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How to Refinish Hardwood Stair Treads - Part 1

People who have experience refinishing a wooden floor may balk at the idea of refinishing wooden stair treads. Some may view it as an inconvenience, but it can be quite easy. First of all, you need to know that stair treads need to be treated a bit differently than floors. It’s also recommended to seek the advice of a professional stair builder. Most stair contractors have years of experience refinishing hardwood stair treads. Here is what you need to do:

Gather your supplies for refinishing hardwood stairs. Preparation is important for the best results. Make sure you have figured out how to keep the staircase area well-ventilated. Think of it as if you’re working on a hot or humid day. Be aware of the fact that you may need more time for any stains or finishes to dry.  You’ll need a variety of old rags, brushes, towels, mineral spirits, paint thinners and sandpaper. Safety goggles are also highly recommended when doing a project like this. A good shop vacuum cleaner is also extremely important.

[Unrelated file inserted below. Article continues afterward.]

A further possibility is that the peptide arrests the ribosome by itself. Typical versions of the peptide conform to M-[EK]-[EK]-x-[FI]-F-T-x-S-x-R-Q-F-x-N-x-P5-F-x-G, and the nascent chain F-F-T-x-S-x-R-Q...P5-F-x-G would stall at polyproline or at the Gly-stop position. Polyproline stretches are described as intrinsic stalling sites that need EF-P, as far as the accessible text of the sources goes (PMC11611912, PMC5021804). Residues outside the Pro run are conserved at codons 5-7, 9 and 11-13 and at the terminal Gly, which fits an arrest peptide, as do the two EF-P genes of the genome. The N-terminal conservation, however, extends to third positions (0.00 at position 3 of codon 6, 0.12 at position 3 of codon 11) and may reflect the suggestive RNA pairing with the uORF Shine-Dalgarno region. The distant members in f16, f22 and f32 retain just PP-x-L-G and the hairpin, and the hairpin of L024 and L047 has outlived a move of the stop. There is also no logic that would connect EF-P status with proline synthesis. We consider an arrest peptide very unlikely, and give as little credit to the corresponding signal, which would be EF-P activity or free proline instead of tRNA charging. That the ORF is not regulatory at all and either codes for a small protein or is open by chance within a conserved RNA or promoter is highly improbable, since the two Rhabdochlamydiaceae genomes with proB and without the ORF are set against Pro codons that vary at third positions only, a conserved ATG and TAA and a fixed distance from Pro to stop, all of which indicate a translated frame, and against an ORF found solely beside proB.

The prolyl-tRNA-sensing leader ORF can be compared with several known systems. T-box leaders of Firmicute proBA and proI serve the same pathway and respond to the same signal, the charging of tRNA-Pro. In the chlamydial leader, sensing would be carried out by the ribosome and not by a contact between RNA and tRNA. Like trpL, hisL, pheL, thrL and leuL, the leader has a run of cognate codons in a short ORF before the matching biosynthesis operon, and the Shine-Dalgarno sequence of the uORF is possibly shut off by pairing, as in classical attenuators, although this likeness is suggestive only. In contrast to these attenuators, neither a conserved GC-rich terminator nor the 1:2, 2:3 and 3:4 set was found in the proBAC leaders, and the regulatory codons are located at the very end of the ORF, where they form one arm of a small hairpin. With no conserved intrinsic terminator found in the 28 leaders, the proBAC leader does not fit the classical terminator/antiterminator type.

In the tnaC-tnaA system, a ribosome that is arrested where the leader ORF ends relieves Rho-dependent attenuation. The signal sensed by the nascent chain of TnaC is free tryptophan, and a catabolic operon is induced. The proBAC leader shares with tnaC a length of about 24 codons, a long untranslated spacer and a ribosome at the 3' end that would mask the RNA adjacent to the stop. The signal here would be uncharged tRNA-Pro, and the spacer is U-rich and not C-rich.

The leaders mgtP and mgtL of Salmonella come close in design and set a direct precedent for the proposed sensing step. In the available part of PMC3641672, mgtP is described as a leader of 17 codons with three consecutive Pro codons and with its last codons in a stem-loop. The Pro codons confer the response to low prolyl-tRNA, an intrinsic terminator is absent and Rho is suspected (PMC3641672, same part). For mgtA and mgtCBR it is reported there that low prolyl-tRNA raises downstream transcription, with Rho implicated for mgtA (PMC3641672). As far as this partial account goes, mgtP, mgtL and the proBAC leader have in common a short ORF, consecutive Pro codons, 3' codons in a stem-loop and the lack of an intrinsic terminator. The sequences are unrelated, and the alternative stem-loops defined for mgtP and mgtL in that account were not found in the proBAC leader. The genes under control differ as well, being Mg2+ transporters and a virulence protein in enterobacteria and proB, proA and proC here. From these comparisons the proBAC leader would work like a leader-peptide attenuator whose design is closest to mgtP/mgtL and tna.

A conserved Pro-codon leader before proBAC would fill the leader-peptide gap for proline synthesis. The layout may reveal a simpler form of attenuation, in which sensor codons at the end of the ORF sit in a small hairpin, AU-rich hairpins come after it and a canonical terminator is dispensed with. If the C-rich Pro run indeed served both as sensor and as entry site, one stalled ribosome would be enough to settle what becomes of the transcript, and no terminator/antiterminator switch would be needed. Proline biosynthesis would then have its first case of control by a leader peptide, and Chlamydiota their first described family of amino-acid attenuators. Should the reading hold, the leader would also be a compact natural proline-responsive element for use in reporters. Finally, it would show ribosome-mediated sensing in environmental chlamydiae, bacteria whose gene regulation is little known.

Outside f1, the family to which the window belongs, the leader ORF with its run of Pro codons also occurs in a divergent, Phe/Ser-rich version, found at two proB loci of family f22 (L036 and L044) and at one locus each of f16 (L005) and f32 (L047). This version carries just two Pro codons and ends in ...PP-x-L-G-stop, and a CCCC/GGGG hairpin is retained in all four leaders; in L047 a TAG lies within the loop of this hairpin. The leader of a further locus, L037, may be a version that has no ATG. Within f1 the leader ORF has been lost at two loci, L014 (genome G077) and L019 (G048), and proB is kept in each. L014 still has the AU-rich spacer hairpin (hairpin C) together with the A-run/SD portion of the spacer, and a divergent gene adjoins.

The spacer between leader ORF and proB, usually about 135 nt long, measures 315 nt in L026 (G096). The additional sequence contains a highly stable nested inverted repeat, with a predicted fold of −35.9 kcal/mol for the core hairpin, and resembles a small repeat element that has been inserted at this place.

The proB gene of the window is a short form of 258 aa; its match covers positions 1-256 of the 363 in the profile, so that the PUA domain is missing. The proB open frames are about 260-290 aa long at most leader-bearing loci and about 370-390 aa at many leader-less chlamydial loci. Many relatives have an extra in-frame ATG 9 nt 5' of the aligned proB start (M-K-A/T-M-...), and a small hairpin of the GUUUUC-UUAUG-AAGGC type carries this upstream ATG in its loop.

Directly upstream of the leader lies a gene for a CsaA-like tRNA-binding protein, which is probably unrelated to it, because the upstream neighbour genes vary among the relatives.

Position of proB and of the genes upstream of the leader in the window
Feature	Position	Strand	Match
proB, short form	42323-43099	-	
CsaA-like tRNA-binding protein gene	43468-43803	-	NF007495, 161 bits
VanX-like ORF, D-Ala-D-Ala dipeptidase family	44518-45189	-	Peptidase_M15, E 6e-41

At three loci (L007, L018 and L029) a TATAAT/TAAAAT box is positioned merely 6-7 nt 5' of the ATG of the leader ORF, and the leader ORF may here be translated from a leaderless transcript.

Always get the right sander and edger for stair treads. You can try renting one at a nearby store, when inquiring about sanders, be sure to ask about the perfect sander and edger for small spaces. Depending on the actual hardwood stair treads, you’ll have to prepare the surface properly.

Remember you are going to refinish hardwood, and the odds are that you aren’t working with unfinished wood. You’ll be working with wood that has been sealed in some way or has old and worn stain or paint on it. You’ll want to sand the wood right down to its original bare state, leaving it porous and ready for stain or paint. This can be somewhat tricky when working with hardwood stair treads. It’s because you’re sanding a small area on an incline.

However, as long as you have the exact size sanders, you will be fine. You can practice on a spare piece of wood first. Don’t focus on minor scratches or cracks, those are very easy to fill in later with a wood filler. Remember to sand each step at least three times, using a different grit of sandpaper for each part of the process as well. Overall, you’ll have to complete the entire staircase with one type of sandpaper before moving on to the next type of sandpaper.